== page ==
"Herd immunity is not this magical number where once you reach that point nobody else gets infected," La Jolla Institute for Immunology in California immunologist Shane Crotty told Popular Science.

"It would no longer be a full-blown epidemic once you get to herd immunity, [but] the virus would still spread, it would still infect people, it would still kill people. It would just be a less common event."

And this less-than-optimal outcome appears more than ever to be reliant on the discovery - and mass distribution - of a successful vaccine.

Until then, physical distancing and quarantine measures are the only means available to combat COVID-19.

And we're already sick of it.



Health experts know abstinence is a poor medical tool. It doesn't work for sex. It doesn't work for drugs. It doesn't work for alcohol.

Which is why caution appears to have been thrown to the wind at the first signs of relief in South Korea, Germany and Australia.

"Quarantine fatigue is real," writes Harvard Medicine School Professor Julia Marcus.

"I'm not talking about the people who are staging militaristic protests against the supposed coronavirus hoax. I'm talking about those who are experiencing the profound burden of extreme physical and social distancing."

What is needed now, Marcus argues, is a more nuanced response.

"An all-or-nothing approach to disease prevention can have unintended consequences. Individuals may fixate on unlikely sources of contagion - the package in the mail, the runner or cyclist on the street - while undervaluing precautions, such as cloth masks, that are imperfect but helpful."

The worst example of such fixations is "pandemic shaming", where people are publicly attacked for the likes of gathering at beaches, in queues, or at popular venues.

What is needed, she says, is a harm reduction approach.

"First, policymakers and health experts can help the public differentiate between lower-risk and higher-risk activities," Marcus says.

"Second, health experts can also acknowledge the contextual factors that affect both a person's decisions and their risk of coronavirus transmission.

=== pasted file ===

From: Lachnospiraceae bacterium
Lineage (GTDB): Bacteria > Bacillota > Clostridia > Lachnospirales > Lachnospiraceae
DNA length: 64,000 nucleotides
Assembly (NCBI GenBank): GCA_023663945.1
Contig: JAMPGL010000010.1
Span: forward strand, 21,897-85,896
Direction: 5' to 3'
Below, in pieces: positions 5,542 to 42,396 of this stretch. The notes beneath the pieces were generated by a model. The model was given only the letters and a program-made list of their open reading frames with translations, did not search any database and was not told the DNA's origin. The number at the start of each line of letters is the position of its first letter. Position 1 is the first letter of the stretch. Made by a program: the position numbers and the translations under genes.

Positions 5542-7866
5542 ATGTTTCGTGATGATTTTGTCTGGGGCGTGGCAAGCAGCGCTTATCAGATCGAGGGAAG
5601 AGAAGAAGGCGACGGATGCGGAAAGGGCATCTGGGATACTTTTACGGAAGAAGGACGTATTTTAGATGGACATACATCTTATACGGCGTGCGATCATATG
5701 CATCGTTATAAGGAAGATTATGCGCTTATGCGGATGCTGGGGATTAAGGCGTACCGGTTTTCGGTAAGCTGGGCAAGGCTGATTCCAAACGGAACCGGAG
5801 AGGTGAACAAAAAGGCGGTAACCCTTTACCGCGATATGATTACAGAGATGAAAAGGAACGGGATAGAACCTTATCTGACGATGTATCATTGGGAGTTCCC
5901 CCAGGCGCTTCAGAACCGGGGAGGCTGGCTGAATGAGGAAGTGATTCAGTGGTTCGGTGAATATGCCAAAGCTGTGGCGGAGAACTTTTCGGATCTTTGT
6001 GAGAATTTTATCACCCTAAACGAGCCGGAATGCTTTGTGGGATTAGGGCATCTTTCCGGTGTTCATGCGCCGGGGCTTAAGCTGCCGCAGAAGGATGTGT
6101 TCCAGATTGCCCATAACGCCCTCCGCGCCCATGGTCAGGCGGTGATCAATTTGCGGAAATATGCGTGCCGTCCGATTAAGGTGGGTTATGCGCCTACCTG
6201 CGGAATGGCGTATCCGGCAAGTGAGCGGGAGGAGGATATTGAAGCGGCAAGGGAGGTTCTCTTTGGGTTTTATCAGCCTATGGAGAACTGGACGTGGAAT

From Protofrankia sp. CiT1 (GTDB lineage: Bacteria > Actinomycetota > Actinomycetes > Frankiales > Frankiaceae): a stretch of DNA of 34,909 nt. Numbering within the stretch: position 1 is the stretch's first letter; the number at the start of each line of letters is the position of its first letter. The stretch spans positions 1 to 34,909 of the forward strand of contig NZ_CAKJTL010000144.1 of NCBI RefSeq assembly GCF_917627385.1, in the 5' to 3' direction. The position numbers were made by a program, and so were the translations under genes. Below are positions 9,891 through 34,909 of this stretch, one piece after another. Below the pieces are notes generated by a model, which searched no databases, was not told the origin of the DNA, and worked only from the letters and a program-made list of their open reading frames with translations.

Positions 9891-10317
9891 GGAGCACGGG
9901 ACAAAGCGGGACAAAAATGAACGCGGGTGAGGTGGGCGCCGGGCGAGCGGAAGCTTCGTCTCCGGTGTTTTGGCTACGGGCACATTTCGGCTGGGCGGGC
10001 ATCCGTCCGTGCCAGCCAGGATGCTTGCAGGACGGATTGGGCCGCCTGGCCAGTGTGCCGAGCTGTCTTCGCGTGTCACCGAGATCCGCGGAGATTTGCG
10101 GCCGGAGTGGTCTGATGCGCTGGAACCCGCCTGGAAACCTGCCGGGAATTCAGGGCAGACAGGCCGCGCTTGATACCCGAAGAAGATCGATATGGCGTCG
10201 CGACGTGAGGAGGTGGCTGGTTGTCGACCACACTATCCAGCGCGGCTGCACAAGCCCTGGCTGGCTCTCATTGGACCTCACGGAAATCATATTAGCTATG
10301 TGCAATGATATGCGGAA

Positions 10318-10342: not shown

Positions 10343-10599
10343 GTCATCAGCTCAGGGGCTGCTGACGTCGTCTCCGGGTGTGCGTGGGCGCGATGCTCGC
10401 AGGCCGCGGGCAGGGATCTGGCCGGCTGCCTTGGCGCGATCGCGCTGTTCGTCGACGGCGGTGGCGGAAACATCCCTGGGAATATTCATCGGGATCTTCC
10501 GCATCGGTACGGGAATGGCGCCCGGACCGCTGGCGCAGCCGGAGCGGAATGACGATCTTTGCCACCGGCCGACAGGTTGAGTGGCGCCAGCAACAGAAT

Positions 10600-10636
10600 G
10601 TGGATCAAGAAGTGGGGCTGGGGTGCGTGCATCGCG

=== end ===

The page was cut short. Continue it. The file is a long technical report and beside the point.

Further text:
"Third, (we) can accept that, despite our best efforts, some people will choose to engage in higher-risk activities - and instead of shaming them, we can provide them with tools to reduce any potential harms."

Resident Waltrud Bornschein, 90, and caregiver Marine Lehmberg, in Berlin, Germany. Picture: Sean Gallup/Getty Images)
Resident Waltrud Bornschein, 90, and caregiver Marine Lehmberg, in Berlin, Germany. Picture: Sean Gallup/Getty Images)


Amid all this, pandemic experts are emphasising a focus on what has been achieved.

COVID-19 could easily have been another Black Death. It isn't. Because we acted.

"I do not think any behavioural scientists would have predicted just how much we have all pulled together to get on top of this disease," writes UK Professor of Biology Ian Boyd.

"The rapid transition to a strategy of social distancing has been an immense success even if it has been tough going."

This virus is highly contagious: When left unchecked, every sufferer can potentially infect between three and five others.

Now, in Australia and the UK, that's down to less than one.

And intermittent lockdowns to quash recurring outbreaks until a vaccine arrives is a good thing.

"Troublesome though it may be, we can, if we have the will to do so, keep COVID-19 under control even without a vaccine and testing," Boyd says.

"That is no small achievement."

It's an achievement that has saved thousands - if not millions - of lives the world over.

"Balancing all this against the disadvantages of social distancing for vulnerable people and the economy will always be a hard, morally based choice," he writes.

"It will involve adaptive management - learning about what works by experimenting with different methods - and patience. But it will also need to involve an open debate about where the moral balance lies between costs and benefits."

Jamie Seidel is a freelance writer | @JamieSeidel

Originally published as Cities struck down as lockdowns lift